grl power

A panel of female entrepreneurs discussed to the audience about their personal experiences of creating their own brands. 

With an increasing emphasis on entrepreneurship at JMU, more opportunities are beginning for women to succeed in business. The entrepreneurship minor was created last fall, and nearly 82 percent of those enrolled in the minor are females. As a result of more entrepreneurship programs arriving following the completion of the College of Business Learning Complex, women are preparing to take advantage.

Even though women dominate the entrepreneurship minor, 60 percent of the students in the CoB are males. Because the Flanary Gilliam Center for Entrepreneurship that’s opening in the new CoB will work with students across JMU’s campus, which is about 60 percent female, women may have a stronger presence in the CoB going forward.   

“The way I look at it, entrepreneurship is for everyone,” Michael Busing, dean of the College of Business, said.

On Tuesday, HER campus and PINK collaborated to hold an event in Grafton Theater called “GRL POWER PANEL.” The panel included seven women who are student entrepreneurs on campus, ranging from social media gurus who own their own companies to a future second lieutenant of the U.S. Air Force.The purpose of the GRL POWER PANEL was to convey that even though young women are faced with adversity, they can still be successful entrepreneurs. All the panelists expressed how various opportunities on campus have helped them grow their professional skills and become entrepreneurs.

Panelist Lucy Smith, a junior communication studies major who runs her own lifestyle and fashion blog, is a student ambassador and holds an executive position in her sorority. She’s also in the process of starting her own private clothing like. Smith said her leadership experiences at JMU have given her the confidence to continue being an entrepreneur.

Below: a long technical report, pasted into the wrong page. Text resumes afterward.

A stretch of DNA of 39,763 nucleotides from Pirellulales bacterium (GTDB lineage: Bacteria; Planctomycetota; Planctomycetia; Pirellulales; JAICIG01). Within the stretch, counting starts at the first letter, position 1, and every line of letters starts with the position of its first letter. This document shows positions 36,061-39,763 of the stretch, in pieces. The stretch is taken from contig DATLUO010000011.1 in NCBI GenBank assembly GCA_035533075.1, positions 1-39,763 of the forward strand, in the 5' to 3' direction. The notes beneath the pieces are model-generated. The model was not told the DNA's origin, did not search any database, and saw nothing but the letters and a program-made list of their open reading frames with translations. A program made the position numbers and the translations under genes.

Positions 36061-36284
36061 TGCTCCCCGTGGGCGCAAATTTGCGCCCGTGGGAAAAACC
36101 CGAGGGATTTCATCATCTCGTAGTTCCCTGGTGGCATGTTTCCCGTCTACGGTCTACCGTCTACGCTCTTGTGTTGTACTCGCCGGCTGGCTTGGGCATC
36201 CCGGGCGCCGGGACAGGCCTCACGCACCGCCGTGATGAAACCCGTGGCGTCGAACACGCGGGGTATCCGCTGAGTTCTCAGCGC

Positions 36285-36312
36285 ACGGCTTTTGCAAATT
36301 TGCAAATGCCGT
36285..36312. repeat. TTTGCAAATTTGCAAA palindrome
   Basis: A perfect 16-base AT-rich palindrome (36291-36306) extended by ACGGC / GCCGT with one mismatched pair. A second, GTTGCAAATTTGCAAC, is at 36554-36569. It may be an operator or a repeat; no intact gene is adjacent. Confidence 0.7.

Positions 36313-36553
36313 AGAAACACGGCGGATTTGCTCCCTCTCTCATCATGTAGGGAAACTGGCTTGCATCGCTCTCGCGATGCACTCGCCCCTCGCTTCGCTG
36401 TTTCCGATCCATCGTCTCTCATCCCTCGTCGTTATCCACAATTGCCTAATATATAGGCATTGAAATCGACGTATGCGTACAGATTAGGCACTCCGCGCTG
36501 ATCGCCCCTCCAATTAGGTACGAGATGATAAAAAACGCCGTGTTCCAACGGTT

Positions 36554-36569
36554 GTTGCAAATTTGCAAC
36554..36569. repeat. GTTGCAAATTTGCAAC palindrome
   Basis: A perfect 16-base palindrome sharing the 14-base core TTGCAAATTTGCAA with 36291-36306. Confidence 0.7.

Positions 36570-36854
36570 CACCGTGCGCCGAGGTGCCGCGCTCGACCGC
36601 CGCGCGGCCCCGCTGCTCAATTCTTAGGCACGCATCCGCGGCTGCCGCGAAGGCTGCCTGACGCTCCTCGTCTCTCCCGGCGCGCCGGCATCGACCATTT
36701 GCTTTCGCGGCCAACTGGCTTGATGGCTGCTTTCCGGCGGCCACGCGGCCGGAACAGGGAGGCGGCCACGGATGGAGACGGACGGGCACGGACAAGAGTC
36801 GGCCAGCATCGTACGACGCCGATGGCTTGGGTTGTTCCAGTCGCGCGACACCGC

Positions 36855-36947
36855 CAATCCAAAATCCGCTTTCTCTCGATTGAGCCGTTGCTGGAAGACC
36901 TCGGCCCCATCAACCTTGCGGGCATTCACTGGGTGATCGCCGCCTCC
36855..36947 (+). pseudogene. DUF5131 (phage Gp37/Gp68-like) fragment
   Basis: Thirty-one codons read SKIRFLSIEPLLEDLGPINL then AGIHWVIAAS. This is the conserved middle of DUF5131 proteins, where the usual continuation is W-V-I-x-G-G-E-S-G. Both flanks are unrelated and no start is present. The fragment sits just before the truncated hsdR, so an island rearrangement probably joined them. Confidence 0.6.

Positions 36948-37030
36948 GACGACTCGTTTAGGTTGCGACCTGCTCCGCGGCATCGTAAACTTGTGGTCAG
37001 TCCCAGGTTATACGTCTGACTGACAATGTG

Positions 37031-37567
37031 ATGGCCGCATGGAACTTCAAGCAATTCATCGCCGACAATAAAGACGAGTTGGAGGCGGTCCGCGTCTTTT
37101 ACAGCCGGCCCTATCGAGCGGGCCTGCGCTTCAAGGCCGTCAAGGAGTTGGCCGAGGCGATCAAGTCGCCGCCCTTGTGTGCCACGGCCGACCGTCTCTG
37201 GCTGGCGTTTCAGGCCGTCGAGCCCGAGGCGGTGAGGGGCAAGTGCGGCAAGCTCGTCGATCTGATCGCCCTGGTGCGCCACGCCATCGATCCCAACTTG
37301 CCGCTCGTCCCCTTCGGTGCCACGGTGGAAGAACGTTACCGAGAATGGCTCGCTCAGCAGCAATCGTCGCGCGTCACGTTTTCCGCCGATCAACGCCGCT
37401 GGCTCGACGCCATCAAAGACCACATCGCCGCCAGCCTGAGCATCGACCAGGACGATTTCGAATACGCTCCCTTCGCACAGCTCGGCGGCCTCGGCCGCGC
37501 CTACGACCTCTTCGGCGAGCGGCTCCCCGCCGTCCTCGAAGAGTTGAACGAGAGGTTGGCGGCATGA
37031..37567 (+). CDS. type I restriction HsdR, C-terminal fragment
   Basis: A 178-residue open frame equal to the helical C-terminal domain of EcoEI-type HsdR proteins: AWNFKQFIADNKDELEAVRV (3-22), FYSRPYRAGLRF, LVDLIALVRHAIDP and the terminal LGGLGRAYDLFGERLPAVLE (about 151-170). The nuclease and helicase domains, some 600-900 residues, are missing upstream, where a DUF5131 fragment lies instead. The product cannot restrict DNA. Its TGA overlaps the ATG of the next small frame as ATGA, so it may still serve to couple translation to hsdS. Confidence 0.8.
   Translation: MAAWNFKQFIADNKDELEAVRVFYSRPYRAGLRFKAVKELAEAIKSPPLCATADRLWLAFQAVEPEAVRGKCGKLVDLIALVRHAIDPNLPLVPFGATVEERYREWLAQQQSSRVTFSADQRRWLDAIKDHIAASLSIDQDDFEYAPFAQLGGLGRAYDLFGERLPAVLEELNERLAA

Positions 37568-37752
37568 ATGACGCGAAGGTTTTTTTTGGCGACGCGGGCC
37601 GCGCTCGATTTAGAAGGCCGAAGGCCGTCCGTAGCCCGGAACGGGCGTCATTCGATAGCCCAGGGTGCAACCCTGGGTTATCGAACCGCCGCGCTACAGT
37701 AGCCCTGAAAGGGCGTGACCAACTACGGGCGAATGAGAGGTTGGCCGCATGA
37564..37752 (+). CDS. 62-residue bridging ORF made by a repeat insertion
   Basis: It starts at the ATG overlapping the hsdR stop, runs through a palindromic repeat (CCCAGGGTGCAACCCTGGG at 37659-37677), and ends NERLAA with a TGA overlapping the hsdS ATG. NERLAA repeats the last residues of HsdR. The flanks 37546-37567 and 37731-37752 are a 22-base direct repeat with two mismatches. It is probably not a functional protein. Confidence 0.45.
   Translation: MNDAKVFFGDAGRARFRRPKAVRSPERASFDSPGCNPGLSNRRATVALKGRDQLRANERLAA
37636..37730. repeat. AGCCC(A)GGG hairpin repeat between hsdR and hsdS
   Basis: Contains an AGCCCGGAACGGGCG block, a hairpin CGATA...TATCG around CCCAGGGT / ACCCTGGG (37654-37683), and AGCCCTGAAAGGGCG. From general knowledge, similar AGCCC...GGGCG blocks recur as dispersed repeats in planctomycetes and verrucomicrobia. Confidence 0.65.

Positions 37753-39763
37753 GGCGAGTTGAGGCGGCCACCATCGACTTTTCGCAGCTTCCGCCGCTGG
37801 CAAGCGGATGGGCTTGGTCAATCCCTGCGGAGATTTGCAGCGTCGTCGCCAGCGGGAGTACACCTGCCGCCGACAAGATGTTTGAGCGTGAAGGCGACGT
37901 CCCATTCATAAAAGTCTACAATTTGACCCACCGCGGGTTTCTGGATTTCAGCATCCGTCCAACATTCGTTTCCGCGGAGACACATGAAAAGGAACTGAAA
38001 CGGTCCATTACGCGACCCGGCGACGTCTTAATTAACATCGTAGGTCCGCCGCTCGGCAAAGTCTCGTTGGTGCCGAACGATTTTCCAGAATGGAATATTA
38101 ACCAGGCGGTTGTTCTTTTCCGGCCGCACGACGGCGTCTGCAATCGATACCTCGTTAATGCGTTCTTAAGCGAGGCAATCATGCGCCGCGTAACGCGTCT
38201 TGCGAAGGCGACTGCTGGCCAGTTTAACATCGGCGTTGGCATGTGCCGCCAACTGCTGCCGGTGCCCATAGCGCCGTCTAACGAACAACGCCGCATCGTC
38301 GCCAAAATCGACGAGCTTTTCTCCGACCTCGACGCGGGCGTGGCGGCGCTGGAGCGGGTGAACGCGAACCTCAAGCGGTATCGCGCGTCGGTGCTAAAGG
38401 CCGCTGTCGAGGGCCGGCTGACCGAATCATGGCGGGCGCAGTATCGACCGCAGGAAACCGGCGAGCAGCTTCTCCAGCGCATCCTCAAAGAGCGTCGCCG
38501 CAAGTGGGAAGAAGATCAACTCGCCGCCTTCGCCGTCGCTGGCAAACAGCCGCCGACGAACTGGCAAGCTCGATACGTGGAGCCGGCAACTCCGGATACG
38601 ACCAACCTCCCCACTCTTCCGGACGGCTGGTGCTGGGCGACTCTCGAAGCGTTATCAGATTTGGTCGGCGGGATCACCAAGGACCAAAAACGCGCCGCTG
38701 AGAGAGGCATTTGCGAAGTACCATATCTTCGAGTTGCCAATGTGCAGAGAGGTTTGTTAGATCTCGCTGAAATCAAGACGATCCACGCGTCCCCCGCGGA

“Coming to events like this, getting conversations going, making contacts and talking to people  are all ways to grow female entrepreneurship at JMU,” Smith said. “Also standing on your own two feet, shooting an email to someone is worth it and will help that entrepreneurship grow here.”

Another panelist, Angelika Johns is a senior media arts and design major who runs her own photography business. Johns began pursuing photography when she was in high school and now travels around the country to take photographs for weddings,engagements and portraits. Johns says the contacts she’s made at JMU have allowed her to become a more successful entrepreneur.

“Finding community is so important when getting started,” Johns said, “When I came to JMU I scoured all of the organizations I could, and I joined the Society for Entrepreneurs to find like minded people. I would suggest knowing what you are saying no to and yes to are important … and respecting your own business hours.”

With the amount of women in the entrepreneurship minor, the panelists emphasized that more events like GRL POWER PANEL will spread the message that women can achieve their entrepreneurial goals at JMU.

Contact Carley Welch at welchcw@dukes.jmu.edu. For more coverage of JMU and Harrisonburg news, follow the news desk on Twitter @BreezeNewsJMU.